This includes the 9 cases referred to the CC, 2003 2010.
19
For 33 Market Studies not leading to a phase 2 reference.
20
For mergers this only includes 28 cases where phase 2 is completed by the CC, 2006 May 2010. The OFT
deals with 90% of mergers in phase 1, a much shorter process, which are not recorded here. Abandoned mergers
in Phase 2 are not considered.
21
For antitrust all cases where an infringement decision was made either by the OFT or a regulator, 2000-2009.
14

13

Figure 2: Average duration of cartel investigations

Source: Global Competition Review

Figure 3: Average duration of abuse of dominance investigations

Source: Global Competition Review

24. Throughput of cases. Although the outcome of interventions should be the central focus of
the regime, absolute numbers of cases also play a vital role. The throughput of cases
contributes to the deterrence effect 22,23, along with the clarity of decision making for
business, which is globally recognised as a crucial plank of an effective competition
regime. Some commentators 24 have suggested that antitrust policy would be more
effective if there were a greater number of Competition Act 1998 (CA98) cases, and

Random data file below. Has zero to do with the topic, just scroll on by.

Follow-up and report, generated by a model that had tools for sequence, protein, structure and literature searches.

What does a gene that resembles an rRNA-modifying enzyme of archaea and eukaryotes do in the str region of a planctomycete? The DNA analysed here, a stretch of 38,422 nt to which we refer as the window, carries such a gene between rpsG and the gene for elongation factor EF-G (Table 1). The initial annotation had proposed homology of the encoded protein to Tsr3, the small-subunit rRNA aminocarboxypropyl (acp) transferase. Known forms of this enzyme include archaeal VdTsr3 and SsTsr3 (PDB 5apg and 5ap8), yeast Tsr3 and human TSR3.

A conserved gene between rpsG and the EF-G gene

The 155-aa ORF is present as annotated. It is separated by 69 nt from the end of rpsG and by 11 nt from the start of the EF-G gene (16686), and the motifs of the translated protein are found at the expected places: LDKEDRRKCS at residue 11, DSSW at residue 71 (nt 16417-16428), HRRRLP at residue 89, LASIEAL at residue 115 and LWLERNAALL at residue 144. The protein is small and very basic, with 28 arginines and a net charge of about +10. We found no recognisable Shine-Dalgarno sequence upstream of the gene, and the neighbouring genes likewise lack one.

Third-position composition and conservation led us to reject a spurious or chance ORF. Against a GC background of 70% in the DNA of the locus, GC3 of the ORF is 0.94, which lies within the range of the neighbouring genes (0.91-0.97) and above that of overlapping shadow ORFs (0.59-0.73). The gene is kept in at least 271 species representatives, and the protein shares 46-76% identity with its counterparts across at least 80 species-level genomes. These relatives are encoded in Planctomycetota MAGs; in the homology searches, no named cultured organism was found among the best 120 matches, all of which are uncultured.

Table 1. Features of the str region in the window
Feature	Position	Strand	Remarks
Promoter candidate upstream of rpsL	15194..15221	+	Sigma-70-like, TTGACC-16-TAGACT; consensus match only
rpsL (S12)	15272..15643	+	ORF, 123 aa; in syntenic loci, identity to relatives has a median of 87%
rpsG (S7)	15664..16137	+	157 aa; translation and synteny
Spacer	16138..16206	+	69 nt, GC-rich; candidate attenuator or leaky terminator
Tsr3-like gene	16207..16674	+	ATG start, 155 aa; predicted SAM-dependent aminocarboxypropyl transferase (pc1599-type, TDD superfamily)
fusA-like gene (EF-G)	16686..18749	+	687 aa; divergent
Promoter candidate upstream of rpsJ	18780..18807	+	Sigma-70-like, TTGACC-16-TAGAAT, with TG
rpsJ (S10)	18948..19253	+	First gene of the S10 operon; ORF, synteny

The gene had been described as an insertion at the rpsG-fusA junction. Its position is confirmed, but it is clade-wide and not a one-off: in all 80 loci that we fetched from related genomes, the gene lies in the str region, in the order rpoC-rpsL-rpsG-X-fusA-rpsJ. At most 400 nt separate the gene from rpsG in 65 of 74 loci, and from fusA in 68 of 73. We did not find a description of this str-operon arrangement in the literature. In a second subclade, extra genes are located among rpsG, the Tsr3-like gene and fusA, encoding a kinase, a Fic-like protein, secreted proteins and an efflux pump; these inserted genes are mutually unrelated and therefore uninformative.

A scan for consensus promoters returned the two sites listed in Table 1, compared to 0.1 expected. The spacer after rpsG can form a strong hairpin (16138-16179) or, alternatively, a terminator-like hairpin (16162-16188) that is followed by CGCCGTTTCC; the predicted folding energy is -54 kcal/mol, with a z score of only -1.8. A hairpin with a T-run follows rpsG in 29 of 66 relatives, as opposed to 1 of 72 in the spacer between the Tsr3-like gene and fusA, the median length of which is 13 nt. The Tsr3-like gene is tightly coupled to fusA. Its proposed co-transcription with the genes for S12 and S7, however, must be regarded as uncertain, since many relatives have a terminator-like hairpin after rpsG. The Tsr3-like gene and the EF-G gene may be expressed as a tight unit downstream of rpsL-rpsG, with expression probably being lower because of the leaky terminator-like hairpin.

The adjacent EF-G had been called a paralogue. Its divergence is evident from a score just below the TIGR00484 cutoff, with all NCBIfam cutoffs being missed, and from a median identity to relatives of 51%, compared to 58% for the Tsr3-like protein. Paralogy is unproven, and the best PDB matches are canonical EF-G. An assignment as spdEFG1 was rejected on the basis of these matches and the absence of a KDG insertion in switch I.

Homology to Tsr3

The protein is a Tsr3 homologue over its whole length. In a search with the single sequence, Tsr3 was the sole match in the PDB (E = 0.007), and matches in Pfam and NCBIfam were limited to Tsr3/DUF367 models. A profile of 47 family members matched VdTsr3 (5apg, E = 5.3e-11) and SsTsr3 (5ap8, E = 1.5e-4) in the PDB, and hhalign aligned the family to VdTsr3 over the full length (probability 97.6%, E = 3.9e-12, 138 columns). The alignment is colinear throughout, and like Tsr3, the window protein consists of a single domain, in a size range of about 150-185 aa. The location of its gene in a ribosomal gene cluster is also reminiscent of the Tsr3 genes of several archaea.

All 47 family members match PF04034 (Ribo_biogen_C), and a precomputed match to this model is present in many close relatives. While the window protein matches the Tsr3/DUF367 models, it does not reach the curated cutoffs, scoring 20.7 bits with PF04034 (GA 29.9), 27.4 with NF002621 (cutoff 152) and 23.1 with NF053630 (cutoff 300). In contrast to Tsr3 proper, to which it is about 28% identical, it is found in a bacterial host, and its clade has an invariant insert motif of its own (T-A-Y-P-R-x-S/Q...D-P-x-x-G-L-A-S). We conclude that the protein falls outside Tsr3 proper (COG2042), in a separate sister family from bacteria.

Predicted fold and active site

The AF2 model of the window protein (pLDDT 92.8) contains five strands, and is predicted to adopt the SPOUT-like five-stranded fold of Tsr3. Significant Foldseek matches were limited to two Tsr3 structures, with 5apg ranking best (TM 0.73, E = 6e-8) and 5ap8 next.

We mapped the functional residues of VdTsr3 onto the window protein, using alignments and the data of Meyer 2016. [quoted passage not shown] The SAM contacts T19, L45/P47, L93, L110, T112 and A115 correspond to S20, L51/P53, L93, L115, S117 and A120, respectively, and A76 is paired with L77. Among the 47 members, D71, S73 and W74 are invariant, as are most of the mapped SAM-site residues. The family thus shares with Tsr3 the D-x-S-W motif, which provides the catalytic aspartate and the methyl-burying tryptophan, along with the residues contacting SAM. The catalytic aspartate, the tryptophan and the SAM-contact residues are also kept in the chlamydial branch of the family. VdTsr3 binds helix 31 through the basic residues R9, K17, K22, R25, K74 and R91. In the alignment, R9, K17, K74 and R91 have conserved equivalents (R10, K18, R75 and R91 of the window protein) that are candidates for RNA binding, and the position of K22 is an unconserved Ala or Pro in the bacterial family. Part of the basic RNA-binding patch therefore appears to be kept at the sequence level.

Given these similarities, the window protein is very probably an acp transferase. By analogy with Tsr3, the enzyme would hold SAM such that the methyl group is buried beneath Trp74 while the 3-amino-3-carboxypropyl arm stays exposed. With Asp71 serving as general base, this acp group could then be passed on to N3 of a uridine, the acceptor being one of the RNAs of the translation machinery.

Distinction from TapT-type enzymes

Deloittes report noted that throughput is one of a few factors that affect deterrence.

22

Deterrence is a relevant factor in Mergers CA98, Article 101/ 102 and criminal cartels
Deterrence effect of Competition Enforcement by the OFT, Deloitte on behalf of OFT, 2007, available at:
http://www.oft.gov.uk/shared_oft/reports/Evaluating-OFTs-work/oft962.pdf
24
There have been significantly fewer Competition Act decisions by the OFT and the sector regulators than
expected Infringement decisions have also taken longer than expected. The Competition Act at 10 years old:
Enforcement by the OFT and the sector regulators, Margaret Bloom, 2010 Competition Law.
23

14

25. Cost of the regime to business. A number of businesses have also commented on the
costs of the regime. There is a perception of a duplication of information requests when
cases are looked at by both bodies, and concerns have been raised about unnecessary
complexity of the system and occasional lack of cooperation between the two authorities.
26. Costs to the authorities. The costs of the regime of competition enforcement action by the
OFT and the CC amounted to around 55m in 2009/10. To put this in perspective, the
GCR gives estimates of spend on competition enforcement for the agencies that it rates.
These estimates are provided by and limited to the agencies themselves ie they are not allinclusive costs of the individual country regimes. The UK estimate appears to exclude the
OFTs markets function (although the CCs is included), the costs of the CAT and the costs
of the regulators in enforcing competition law. Table 4 shows spend in Euros and ranks
the countries by spend per million of population.
27. The figures suggest the UK is mid-ranking on spend per head of population, and given the
world class rating of the regime, would suggest reasonable value for money by